Autism Research Updates from 2020

Scientists and researchers are constantly uncovering more information related to autism, offering insights into the origins, possible causes and even at times potential cures. I think back to what we knew or didn’t know in the 1990’s and am amazed as to how far we have come. The question becomes what will we learn in the next five years and how will that impact how we serve children and adults with autism? Read on for those stories that caught my eye in 2020.

Test gauges autistic children’s verbal abilities in natural settings

Researchers and clinicians typically appraise a child’s verbal skills using standardized language tests, which often include questions with predetermined answers. This captures a child’s verbal knowledge, but not their use of language in daily life. A new interactive assessment called the Observation of Spontaneous Expressive Language (OSEL) allows clinicians and researchers a way to evaluate use of language in everyday social situations.

Read the full article here.

Infant hearing test might be sound predictor of autism

The auditory brainstem response (ABR) test is used to screen nearly all babies for hearing impairments. A new study reports that babies who are later diagnosed with autism respond slightly slower than typical babies when exposed to higher-intensity sounds. Researchers say that analyzing more ABR results might suggest other ways to refine the screening specifically for autism.

Read the full article here.

How redefining autism could improve research on the condition

The average age of autism diagnosis—around the age of 4 in the United States—has not changed in over a decade despite research aimed at improving early detection. Ami Klin, director of the Marcus Autism Center in Atlanta, Georgia, says part of the problem lies with how the condition is defined.

Instead of thinking of autism as a collection of traits such as restricted interests, difficulty with social communication, and repetitive behaviors, Klin says researchers, clinician and policymakers should think of autism as a genetic condition that alters how a child perceives and interacts with others and that the severity of core traits can be shaped by early life experiences. 

Read the full interview with Ami Klin here.

Daily living skills influence autistic adults’ education, employment options

According to a new study, individuals with autism who maintain daily living skills–the ability to take care of independent-living tasks–after high school are more likely to enroll in further education than their peers who do not maintain daily living skills.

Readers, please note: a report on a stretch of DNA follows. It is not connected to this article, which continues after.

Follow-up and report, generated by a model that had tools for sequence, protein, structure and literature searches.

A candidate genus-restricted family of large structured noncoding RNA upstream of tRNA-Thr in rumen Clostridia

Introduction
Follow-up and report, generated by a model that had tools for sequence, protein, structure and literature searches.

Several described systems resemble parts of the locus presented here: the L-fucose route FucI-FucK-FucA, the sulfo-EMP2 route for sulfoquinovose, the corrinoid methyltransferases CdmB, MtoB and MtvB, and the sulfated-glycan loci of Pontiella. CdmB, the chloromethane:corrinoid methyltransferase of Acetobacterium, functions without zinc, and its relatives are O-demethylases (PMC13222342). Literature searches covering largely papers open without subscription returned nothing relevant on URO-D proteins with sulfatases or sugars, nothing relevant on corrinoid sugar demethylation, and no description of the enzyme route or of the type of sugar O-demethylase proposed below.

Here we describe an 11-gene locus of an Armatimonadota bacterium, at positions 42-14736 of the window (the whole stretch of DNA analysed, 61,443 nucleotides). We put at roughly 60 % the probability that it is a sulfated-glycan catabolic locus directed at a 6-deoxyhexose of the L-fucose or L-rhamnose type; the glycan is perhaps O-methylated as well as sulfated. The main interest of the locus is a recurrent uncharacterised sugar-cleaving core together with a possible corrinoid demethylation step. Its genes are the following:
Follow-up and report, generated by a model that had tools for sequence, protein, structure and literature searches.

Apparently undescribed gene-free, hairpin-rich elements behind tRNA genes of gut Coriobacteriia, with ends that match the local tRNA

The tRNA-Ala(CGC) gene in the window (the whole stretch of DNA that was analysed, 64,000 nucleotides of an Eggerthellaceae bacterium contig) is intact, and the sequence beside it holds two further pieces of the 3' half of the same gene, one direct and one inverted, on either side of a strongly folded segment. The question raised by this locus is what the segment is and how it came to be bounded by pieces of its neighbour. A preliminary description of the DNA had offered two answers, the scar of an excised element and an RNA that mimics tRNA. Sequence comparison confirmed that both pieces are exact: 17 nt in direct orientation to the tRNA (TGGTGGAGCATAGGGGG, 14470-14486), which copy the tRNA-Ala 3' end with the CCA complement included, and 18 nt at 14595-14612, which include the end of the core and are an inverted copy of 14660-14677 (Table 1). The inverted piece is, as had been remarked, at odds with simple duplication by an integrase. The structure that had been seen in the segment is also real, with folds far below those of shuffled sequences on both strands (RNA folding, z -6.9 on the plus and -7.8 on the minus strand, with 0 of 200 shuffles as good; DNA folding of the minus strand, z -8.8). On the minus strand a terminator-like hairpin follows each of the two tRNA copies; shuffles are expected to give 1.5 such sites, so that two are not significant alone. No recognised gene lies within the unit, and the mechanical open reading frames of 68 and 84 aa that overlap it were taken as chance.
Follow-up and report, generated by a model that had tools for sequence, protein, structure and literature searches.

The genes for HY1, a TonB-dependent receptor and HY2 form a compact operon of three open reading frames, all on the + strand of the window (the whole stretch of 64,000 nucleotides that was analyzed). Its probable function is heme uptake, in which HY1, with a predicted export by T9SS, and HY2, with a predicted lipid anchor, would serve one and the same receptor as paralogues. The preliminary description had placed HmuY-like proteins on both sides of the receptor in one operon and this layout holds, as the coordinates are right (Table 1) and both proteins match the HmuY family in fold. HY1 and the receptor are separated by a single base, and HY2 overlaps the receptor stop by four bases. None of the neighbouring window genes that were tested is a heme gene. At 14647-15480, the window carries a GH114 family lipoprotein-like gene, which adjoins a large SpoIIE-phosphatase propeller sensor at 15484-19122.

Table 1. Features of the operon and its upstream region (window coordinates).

The study followed 81 individuals with autism and 17 individuals with a developmental delay from age 2 to 26. Daily living skills improved through age 21, but upon reaching age 26, researchers found that half of the participants had less daily living skills and were not as likely to pursue additional education or employment. 

Future studies will analyze which daily living skills are most crucial for success.

Read the full article here.

Alzheimer’s protein turns up as potential target for autism treatments

A study found that lowering tau, a protein known best for its involvement in Alzheimer’s disease, may treat some forms of autism in mice. Researches found the study to be compelling evidence that a link between neurodevelopmental conditions and neurodegenerative conditions exists. At this time, however, it is unclear how the study translates to people with autism.

Read the full article here:

Enlarged amygdala linked to severe behavioral problems in autistic girls

Children with autism who have behavioral problems tend to have an enlarged right amygdala, a brain region that helps process emotions and detect threats. In young girls with autism, the region’s size is associated with the severity of these problems.

Girls with large amygdala tend to have severe internalizing behaviors, such as excessive crying or nightmares, that may signal anxiety or depression, but the same is not true for boys with an enlarged amygdala.

Read the full article here:

Infants’ attention to faces may predict autism before formal diagnosis

By tracking the gaze patterns of infants, researchers could identify significant differences in visual engagement in those later diagnosed with autism. The study also found that not only did those infants behave differently in interactions that involved eye contact, they also expressed different behaviors regarding speech and physical contact.

Read the full article here:

Cerebrospinal fluid: Potential biomarker for autism found

Examining the levels of cerebrospinal fluid (CSF) in children may become the first biomarker that could predict autism. Findings showed that babies who are later diagnosed with autism had significantly more CSF than babies who did not develop autism.

The first study only included 55 infants, of which only 10 developed autism. The latest study included 343 infants, of which 221 were considered high risk of developing autism because they had an older sibling with autism. The children who developed the most severe autism had 24% more CSF.

Read the full article here:

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